Average UK house price now just 4% below all-time high

Average UK house price now just 4% below all-time high
Average UK house price now just 4% below all-time high

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The average UK house price fell for the second month in a row in April, with property values ​​now sitting at around 4% below their all-time highs typically, according to an index.

UK property prices fell by 0.4% month-on-month in April, following a 0.2% fall in March, Nationwide Building Society said.

The annual rate of house price growth more than halved in April, to 0.6%, from 1.6% in March.

The average UK house price in April was £261,962.

Robert Gardner, Nationwide’s chief economist, said the slowdown “likely reflects ongoing affordability pressures.”

He said: “House prices are now around 4% below the all-time highs recorded in the summer of 2022, after taking account of seasonal effects.”

Recent research by Censuswide on behalf of Nationwide indicated that nearly half (49%) of prospective first-time buyers looking to buy in the next five years have delayed their plans over the past year.

The average UK house price in April was £261,962 (PA Archive)

Mr Gardner continued: “Buying a property in a less expensive area appears to be the most common commitment that prospective buyers will make.

“Around a third (32%) said they would consider a smaller property than they wanted, while 28% would go for a property that needed work doing.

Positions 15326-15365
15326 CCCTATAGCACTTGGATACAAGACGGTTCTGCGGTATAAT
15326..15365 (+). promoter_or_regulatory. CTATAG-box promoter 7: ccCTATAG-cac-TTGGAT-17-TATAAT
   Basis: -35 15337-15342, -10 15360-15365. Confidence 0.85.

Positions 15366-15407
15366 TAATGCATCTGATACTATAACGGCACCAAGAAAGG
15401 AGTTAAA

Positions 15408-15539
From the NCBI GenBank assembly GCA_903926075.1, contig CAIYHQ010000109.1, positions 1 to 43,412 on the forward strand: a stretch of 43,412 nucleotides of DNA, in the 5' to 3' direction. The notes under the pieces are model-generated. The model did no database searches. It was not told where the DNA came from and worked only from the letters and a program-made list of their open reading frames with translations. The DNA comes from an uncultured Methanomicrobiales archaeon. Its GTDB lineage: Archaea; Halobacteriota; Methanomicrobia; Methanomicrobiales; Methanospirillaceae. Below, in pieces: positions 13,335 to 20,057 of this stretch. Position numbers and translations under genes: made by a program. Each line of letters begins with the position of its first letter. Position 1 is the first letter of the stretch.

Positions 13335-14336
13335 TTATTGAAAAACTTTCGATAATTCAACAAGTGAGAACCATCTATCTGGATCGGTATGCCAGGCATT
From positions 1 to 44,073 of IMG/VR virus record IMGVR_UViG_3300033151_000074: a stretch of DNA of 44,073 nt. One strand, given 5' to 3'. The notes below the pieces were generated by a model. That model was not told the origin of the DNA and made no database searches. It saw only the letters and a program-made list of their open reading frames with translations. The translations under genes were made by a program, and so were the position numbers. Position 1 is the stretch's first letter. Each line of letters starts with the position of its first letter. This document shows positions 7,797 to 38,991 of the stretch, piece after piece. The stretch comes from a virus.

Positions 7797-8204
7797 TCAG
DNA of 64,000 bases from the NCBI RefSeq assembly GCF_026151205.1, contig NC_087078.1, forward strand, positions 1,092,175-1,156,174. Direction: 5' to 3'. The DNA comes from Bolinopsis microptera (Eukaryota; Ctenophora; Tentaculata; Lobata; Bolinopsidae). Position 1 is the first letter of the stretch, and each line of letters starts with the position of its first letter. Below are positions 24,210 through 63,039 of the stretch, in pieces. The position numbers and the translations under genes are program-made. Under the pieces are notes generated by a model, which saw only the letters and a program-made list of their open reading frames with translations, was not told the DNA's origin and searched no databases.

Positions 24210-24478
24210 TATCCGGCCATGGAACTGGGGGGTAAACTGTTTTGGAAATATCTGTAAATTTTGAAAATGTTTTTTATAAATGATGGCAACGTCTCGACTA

“Amongst recent first-time buyers (those who have bought their first home in the past five years), 38% said they ended up compromising on the property they purchased.”

Sam Mitchell, chief executive of Purplebricks, said: “There is still positive sentiment from buyers and we are seeing viewing activity increase, signaling stability in the housing market.

“While several banks have slightly increased mortgage rates, there has also been an increase in new market offerings, both have sparked buyers into action which has resulted in more sales.”

Jeremy Leaf, a north London estate agent, said: “We are not surprised by the small drop in property prices.

“The increase in listings is resulting in more choice for buyers and some heavy negotiations on the ground which means only realistic sellers are proving successful.

“However, underlying demand is much more resilient than it was a few months ago, coinciding with the stronger spring market.”

Peter Arnold, EY UK chief economist, said: “The lenders’ house price series can be volatile from month to month, particularly in times when transaction levels are relatively low, making it difficult to mix-adjust the data.

“Just as the apparent strength in January/February looked out of keeping with fundamentals, the latest data is unlikely to mark the start of a renewed fall in property prices.

 
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